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About 60 percent of an average adult man's weight is water. About 50 percent of an average adult woman's weight is water. But is the water you drink giving you something you don't need—like lead poisoning, harmful E. coli bacteria, or dangerous chemicals?
More of us are asking that question. The Water Quality Association, a nonprofit group representing the water treatment industry, found in a recent survey that nearly three-quarters of us worry about our drinking water supplies.
The United States has probably done better than any other nation in making water safe to drink. Yet some experts agree that consumer concern is not unfounded.
Myth: Drinking water can't cause health problems.
Reality: A link between synthetic chemicals, such as pesticides, insecticides, fungicides, and dry-cleaning agents, in our water and cancer in humans hasn't yet been proven. However, some naturally occurring chemicals in the water supply have been clearly shown to cause cancer in humans, the most well-known and documented being arsenic. Current standards for arsenic levels in the U.S. water supply should protect the American public from arsenic-induced cancers. Links have been clearly demonstrated between water and naturally occurring chemicals as well. Lead is a primary example.
Lead causes brain, nerve, and kidney damage, especially in youngsters. Unlike many other chemicals removed by water treatment, lead can leach into water from pipes in older homes as it travels to your tap.
Builders haven't used lead for new water pipes in many years, but plumbers did use pipe solder containing lead until the 1980s.
The longer water sits in pipes made or soldered with lead, the greater the possible lead contamination. If you live in an older home, running drinking water taps for several minutes each morning can help flush out lead-tainted water.
Myth: Water was safer a century ago.
Reality: Some of us fantasize that pure water reigned before modern industry created pollution. In truth, today's pollution is simply different. Additionally, contemporary advances in sanitation have helped to stave off bacterial growth in our drinking water today.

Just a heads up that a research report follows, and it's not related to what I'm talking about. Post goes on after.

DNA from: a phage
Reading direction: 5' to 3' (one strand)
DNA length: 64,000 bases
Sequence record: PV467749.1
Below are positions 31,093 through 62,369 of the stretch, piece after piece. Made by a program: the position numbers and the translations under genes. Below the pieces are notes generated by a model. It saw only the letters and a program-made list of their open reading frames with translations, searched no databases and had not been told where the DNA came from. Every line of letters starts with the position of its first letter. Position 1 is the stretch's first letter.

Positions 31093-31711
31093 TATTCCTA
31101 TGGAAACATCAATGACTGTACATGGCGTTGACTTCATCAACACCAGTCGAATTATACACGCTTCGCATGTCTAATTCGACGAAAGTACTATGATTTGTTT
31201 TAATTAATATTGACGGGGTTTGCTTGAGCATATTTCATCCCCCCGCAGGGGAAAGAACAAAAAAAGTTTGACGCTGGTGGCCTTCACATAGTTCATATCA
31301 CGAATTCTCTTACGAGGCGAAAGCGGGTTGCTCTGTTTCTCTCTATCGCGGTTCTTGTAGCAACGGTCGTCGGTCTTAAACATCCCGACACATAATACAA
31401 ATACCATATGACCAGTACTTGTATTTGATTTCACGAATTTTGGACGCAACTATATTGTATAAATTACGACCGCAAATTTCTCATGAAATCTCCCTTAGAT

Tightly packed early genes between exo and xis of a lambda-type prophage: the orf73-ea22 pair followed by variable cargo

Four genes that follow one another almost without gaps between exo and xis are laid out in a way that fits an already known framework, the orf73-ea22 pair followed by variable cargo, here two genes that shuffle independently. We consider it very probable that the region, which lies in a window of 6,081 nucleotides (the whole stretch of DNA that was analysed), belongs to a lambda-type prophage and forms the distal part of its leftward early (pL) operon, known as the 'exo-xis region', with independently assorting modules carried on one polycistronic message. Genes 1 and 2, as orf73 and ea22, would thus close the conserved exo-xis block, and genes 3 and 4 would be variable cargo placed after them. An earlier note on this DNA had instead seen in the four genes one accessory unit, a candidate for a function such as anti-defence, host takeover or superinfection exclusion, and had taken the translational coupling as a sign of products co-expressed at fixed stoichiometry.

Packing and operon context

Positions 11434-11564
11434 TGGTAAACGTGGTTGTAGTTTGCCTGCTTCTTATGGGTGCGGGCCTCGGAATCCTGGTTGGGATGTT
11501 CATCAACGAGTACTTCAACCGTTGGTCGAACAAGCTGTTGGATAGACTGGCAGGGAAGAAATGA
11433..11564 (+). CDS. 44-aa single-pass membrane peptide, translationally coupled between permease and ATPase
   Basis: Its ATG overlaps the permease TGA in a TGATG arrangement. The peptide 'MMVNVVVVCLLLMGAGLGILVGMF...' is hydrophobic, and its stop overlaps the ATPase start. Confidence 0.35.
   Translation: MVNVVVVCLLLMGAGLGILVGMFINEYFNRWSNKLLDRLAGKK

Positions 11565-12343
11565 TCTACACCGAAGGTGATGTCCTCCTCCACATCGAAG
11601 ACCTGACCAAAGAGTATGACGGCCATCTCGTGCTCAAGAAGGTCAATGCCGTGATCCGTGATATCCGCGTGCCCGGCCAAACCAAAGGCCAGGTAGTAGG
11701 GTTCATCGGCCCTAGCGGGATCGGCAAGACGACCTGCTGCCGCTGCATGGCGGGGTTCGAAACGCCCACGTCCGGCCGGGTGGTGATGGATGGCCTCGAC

Myth: Federal rules don't cover bottled water.
Reality: That's no longer true. Under federal law, companies must test bottled water for the same 80-some contaminants as municipal water. The FDA regulates bottled water based on EPA rules for municipal water.
In addition, bottled water trade groups have quality assurance programs "above and beyond" FDA rules. Under International Bottled Water Association guidelines, for instance, an independent laboratory, NSF International, tests bottled water for more contaminants. Not all firms use the extra standards; see if your bottled water carries the NSF mark or check by visiting the NSF International website.
Since bottled water is sealed in the factory, the risk of contamination is decreased. Although some bottled water is treated municipal water, the bottled water companies try very hard to make sure the water doesn't resemble its source.
Taste originally fueled the bottled water craze. Bottled waters are typically disinfected with ozone, which is tasteless, as opposed to chlorine, which can have a taste many dislike. But most bottled water doesn't contain fluoride to strengthen teeth. And, it's not cheap.
Myth: There's no benefit to treating water myself.
Reality: The water treatment industry is booming. Is it a waste of time and money? That depends on your water and your concerns. Are you worried about taste? Bacteria? Chemicals?
Have your water tested before deciding what type of water treatment system is best for you. In addition, the EPA makes municipal water systems issue annual Consumer Confidence Reports listing everything in their water. Call your system for details.
If you decide treatment might improve your water's safety or taste, you'll find devices run the gamut. Simple $25 tabletop pitchers often take out chlorine and lead; $800 systems filter out metals and some bacteria. To filter out all chemicals and bacteria, several water filtration technologies have to be used at one time. If you buy a device, look for NSF certification. If you want a reputable water-testing laboratory, call the EPA. And if you have your own well, test your water regularly and treat it yourself if necessary—the government doesn't monitor private wells.
Myth: Forget water, I'm better off drinking cola.
Reality: Water is the best fluid for hydration. An 8-ounce sugar-based cola has approximately 95 calories—and if water worries you, remember that cola bottlers use local water. Diet colas contain phosphoric acid which, in high enough quantities, can adversely affect calcium metabolism and ultimately bone health. Some fruit juices have up to 140 calories in 8 ounces and may contain unnecessary, added sugar.